If the tap in the staff kitchen is broken and nobody mends it, colleagues quite quickly begin to draw a number of very negative conclusions—in particular, that management isn’t particularly bothered about the welfare or comfort of the staff and that, since management don’t fix things that are broken in the staff’s day-to-day environment, it is not reasonable to expect staff to worry about things that are broken elsewhere in the organisation: like pricing policies.
Broken Windows Theory
In a famous paper called ‘Broken Windows’, the academics and political scientists, James Q. Wilson & George L. Kellling set out the idea that a failure to mend small things in communal area sends out a signal that nobody cares. Even normally well-behaved and law-abiding members of the community may join in destructive behaviour as things begin to degenerate.
This led to the policing policy of ‘zero tolerance’: cracking down on even minor misdemeanours to send a message to the community that people did care.
“Social psychologists and police officers tend to agree that if a window in a building is broken and is left unrepaired, all of the rest of the windows will soon be broken. This is as true in nice neighbourhoods as in run-down ones.
“Window-breaking does not necessarily occur on a large scale because some areas are inhabited by determined window-breakers whereas others are populated by window-lovers; rather, one unrepaired broken window is a signal that no-one cares, and so breaking more windows costs nothing . . .
“Untended property becomes fair game for people out for fun or plunder, and even for people who ordinarily would not dream of doing such things and who probably consider themselves law-abiding.”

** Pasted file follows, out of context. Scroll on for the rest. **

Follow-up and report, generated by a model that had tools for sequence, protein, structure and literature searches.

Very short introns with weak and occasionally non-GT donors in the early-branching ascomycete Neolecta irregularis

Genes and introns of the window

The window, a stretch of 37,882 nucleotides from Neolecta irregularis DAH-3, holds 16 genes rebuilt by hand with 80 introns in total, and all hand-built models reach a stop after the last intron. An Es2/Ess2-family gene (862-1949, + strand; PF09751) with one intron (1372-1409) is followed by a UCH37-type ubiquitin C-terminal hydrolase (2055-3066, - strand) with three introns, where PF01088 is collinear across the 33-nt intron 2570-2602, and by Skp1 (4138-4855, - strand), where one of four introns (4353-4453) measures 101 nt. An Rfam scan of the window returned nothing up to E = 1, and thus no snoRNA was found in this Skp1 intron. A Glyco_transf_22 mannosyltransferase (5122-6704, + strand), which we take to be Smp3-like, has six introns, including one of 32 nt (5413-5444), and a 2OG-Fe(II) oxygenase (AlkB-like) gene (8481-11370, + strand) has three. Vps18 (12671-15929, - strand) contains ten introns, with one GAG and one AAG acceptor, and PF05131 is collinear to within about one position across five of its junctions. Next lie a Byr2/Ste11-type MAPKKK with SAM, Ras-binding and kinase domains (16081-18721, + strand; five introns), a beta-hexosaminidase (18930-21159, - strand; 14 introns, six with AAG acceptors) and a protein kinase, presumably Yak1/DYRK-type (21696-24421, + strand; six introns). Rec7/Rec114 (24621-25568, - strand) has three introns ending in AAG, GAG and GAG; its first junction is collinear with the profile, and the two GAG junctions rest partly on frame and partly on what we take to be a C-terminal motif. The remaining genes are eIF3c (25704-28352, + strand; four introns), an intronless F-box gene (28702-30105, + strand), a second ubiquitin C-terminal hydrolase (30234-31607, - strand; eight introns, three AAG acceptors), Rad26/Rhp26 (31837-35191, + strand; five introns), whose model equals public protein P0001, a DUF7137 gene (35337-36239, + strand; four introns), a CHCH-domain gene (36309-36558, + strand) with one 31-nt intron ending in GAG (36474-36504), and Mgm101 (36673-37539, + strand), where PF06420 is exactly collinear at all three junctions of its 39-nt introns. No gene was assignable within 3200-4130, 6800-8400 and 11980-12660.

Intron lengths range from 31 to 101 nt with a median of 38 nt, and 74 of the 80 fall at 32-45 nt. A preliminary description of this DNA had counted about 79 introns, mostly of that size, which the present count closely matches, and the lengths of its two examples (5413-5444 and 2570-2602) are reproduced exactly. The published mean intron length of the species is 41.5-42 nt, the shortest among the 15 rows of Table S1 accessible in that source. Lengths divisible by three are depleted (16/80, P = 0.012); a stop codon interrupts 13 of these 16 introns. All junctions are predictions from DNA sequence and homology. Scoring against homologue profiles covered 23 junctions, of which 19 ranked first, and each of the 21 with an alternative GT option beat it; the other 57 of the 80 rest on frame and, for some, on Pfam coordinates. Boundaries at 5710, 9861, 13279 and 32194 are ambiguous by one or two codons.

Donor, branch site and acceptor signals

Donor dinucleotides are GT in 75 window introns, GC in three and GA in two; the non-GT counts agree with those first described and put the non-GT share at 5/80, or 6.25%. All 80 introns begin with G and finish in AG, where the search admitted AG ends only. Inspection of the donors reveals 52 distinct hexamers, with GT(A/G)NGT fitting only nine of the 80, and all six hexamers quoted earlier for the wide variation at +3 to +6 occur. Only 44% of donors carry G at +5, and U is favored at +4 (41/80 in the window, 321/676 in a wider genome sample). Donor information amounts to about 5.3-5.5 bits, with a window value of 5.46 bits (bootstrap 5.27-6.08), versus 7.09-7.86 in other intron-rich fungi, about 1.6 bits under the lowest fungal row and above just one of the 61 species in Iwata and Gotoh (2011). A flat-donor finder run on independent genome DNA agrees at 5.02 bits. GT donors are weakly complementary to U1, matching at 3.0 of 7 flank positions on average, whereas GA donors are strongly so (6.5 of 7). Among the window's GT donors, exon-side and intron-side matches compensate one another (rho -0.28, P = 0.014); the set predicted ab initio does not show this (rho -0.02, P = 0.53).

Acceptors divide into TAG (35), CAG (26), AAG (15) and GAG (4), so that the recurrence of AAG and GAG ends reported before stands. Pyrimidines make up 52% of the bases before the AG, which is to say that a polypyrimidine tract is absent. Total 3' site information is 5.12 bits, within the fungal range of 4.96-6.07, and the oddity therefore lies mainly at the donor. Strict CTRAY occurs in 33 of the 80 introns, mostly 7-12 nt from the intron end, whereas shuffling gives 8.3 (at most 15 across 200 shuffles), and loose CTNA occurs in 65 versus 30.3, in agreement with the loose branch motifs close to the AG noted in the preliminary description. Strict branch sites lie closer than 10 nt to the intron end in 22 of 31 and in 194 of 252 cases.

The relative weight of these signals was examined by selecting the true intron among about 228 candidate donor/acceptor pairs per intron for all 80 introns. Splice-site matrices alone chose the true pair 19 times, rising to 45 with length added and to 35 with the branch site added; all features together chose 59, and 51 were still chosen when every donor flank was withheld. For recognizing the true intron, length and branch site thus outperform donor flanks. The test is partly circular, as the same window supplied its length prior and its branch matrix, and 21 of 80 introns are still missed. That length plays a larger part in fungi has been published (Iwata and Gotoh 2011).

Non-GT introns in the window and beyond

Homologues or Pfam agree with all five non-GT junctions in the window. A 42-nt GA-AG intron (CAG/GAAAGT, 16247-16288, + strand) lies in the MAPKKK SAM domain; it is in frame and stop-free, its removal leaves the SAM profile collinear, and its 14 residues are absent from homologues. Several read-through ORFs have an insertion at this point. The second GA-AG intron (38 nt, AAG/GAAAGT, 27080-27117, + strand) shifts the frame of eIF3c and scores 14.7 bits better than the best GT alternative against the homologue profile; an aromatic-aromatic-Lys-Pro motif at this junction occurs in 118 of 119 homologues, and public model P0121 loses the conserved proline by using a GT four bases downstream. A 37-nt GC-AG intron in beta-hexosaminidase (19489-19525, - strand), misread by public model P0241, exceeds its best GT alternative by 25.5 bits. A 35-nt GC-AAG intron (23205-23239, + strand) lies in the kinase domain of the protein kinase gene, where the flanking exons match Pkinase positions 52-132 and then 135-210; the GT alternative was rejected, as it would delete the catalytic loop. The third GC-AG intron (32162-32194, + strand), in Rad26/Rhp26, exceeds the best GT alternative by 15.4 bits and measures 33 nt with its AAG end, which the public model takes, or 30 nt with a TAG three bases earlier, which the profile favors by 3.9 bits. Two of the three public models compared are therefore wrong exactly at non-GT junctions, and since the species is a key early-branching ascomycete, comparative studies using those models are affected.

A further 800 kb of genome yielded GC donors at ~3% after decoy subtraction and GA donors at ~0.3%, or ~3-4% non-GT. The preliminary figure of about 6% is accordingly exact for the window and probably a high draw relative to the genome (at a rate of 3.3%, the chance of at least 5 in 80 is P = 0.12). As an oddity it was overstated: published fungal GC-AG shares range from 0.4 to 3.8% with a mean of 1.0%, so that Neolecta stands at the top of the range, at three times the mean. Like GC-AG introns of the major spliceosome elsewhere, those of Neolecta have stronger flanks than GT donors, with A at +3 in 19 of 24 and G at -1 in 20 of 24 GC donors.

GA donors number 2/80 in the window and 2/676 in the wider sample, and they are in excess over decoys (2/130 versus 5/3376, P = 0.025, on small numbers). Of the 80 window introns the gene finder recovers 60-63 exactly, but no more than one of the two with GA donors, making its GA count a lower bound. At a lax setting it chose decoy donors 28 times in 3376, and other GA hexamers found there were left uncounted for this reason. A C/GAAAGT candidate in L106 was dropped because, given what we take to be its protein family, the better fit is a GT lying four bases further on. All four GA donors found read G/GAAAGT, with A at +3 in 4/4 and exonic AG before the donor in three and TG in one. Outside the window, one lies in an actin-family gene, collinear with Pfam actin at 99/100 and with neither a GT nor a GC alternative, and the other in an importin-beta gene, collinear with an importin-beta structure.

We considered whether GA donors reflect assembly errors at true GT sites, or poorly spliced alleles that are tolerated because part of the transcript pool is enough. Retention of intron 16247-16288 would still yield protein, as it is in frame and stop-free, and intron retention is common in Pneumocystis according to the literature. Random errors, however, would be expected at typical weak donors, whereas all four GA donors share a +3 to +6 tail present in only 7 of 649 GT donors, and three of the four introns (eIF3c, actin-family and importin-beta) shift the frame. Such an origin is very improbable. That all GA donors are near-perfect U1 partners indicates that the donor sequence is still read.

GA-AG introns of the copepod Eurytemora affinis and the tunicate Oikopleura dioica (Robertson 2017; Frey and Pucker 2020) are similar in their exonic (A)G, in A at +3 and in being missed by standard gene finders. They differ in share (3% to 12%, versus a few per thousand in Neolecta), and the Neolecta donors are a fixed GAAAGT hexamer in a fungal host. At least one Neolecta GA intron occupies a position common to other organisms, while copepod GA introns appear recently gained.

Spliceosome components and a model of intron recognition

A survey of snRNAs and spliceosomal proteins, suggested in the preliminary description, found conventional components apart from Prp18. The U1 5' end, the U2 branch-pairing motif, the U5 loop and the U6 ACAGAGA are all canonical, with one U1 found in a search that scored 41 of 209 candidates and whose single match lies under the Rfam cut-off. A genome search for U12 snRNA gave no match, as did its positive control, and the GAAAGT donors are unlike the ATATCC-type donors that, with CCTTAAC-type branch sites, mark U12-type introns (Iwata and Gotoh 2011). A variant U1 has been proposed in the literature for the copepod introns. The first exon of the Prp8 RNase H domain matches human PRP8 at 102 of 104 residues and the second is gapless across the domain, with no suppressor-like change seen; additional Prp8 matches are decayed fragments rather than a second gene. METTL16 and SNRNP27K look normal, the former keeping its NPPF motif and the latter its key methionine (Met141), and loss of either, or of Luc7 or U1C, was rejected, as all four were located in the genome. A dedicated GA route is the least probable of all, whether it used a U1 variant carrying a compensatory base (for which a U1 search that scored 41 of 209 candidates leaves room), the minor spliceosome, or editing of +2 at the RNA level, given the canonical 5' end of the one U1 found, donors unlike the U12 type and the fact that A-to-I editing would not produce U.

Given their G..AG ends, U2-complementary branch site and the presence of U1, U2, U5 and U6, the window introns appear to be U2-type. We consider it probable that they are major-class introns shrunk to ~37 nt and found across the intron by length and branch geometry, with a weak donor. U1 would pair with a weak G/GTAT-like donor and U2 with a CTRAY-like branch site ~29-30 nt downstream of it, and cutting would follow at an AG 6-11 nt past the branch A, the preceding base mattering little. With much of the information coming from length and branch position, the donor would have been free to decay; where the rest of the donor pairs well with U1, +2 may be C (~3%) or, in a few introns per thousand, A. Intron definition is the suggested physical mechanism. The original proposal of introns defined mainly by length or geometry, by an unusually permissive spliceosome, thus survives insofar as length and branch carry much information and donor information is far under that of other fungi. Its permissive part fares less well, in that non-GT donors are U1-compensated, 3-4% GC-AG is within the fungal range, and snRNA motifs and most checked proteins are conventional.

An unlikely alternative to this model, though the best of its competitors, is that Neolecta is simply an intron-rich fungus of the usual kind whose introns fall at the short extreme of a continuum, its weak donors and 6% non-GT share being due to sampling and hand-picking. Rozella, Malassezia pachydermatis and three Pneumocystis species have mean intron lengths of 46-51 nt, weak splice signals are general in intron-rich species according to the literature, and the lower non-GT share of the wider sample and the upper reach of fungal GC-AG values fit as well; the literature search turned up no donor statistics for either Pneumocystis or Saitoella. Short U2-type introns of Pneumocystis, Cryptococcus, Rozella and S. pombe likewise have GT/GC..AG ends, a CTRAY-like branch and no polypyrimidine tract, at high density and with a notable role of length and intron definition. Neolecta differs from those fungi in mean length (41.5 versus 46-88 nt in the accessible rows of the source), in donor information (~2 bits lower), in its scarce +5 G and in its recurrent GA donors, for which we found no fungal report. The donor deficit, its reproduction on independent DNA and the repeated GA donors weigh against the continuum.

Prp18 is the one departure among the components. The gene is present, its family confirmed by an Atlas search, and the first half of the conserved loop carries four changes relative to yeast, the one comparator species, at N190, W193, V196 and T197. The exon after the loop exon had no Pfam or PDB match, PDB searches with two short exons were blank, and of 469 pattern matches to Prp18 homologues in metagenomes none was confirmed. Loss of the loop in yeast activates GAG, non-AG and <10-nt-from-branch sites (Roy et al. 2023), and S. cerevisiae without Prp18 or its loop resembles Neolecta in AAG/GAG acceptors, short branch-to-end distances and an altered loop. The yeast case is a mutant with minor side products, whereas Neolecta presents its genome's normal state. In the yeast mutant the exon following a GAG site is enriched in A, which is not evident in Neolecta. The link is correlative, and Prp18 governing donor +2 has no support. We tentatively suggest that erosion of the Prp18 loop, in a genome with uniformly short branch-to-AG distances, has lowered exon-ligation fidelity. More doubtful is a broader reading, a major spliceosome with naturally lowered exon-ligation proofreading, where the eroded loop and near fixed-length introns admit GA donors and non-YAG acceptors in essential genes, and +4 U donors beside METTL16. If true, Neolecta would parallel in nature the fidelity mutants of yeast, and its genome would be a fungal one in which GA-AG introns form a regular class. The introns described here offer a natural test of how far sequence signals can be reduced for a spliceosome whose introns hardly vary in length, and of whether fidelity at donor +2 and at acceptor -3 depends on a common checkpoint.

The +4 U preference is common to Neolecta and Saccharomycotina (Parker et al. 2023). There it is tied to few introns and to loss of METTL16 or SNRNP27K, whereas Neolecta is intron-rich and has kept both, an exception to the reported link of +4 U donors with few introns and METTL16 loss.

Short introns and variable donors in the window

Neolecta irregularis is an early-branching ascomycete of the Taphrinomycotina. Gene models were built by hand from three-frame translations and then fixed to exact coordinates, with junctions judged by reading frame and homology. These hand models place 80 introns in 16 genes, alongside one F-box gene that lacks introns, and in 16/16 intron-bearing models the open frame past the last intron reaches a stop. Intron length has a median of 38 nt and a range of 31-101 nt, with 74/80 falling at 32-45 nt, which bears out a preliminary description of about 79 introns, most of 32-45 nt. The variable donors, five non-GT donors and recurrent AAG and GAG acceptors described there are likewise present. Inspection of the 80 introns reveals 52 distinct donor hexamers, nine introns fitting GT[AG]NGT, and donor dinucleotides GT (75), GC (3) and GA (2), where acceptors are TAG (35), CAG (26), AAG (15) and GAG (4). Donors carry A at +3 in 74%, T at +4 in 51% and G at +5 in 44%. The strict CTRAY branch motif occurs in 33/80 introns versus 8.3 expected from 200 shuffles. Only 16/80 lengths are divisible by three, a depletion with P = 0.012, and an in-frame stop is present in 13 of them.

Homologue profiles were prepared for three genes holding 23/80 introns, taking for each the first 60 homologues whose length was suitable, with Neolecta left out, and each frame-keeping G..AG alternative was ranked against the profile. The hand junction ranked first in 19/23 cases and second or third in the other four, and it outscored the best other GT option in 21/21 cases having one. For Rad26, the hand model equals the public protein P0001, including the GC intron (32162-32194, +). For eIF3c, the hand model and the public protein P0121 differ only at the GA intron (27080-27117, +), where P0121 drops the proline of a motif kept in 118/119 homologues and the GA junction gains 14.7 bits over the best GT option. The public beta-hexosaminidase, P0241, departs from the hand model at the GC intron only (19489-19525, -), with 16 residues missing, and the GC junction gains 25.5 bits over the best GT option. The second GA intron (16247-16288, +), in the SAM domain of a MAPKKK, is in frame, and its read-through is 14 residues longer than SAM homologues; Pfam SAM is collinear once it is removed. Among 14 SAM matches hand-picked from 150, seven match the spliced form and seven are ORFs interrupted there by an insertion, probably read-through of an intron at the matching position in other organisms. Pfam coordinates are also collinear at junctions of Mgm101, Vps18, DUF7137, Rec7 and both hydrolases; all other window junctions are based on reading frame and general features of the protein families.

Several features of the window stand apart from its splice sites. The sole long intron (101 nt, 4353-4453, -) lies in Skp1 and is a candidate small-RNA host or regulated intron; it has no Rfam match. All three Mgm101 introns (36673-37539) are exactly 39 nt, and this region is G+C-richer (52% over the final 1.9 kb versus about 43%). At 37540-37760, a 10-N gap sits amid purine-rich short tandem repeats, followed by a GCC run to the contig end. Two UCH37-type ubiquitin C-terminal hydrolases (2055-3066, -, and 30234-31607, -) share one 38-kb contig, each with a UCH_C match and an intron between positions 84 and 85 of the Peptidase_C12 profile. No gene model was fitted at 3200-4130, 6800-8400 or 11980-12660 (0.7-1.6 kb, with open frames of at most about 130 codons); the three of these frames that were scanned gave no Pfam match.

The un-mended tap in the staff kitchen
When Richard Baker took up his role as CEO of the Boots Group in 2003, he started work at 7 am each day in his first weeks by visiting three Boots stores in quick succession; later he spent two whole days on the shop floor at a branch in Loughborough.
At every opportunity, he asked staff for their opinions as to what was working and what was not. The exercise gave him twenty-one significant ideas with which to begin his stewardship.
Some ideas, like a member of staff’s insight that some Boot’s prices were so high that staff bought them from other outlets despite their staff discount persuaded him to review pricing policies.
He also learned that the tap in the staff canteen had stopped working years before and never been fixed.
Mending a broken tap was an important symbol of a wider problem. ‘For years,’ says Baker, ‘Boots invested any profits in other parts of the group but not in the stores. Everything looked neglected. We reversed this and invested in the stores. Our colleagues saw we were doing the right things and the mood in the company quickly improved.’
Little things matter
Little things matter—to a surprsing extent. Colleagues may be unwilling to embrace major new strategies or initiatives simply because some minor but significant aspect of their working life convinces them that they are not valued.
Fixing the small things has a disproportionate effect. A small amount of effort and expenditure convinces people that the leadership does, in fact, care.
Zero Tolerance and the Staff Kitchen is further explored in 100 Great Leadership Ideas.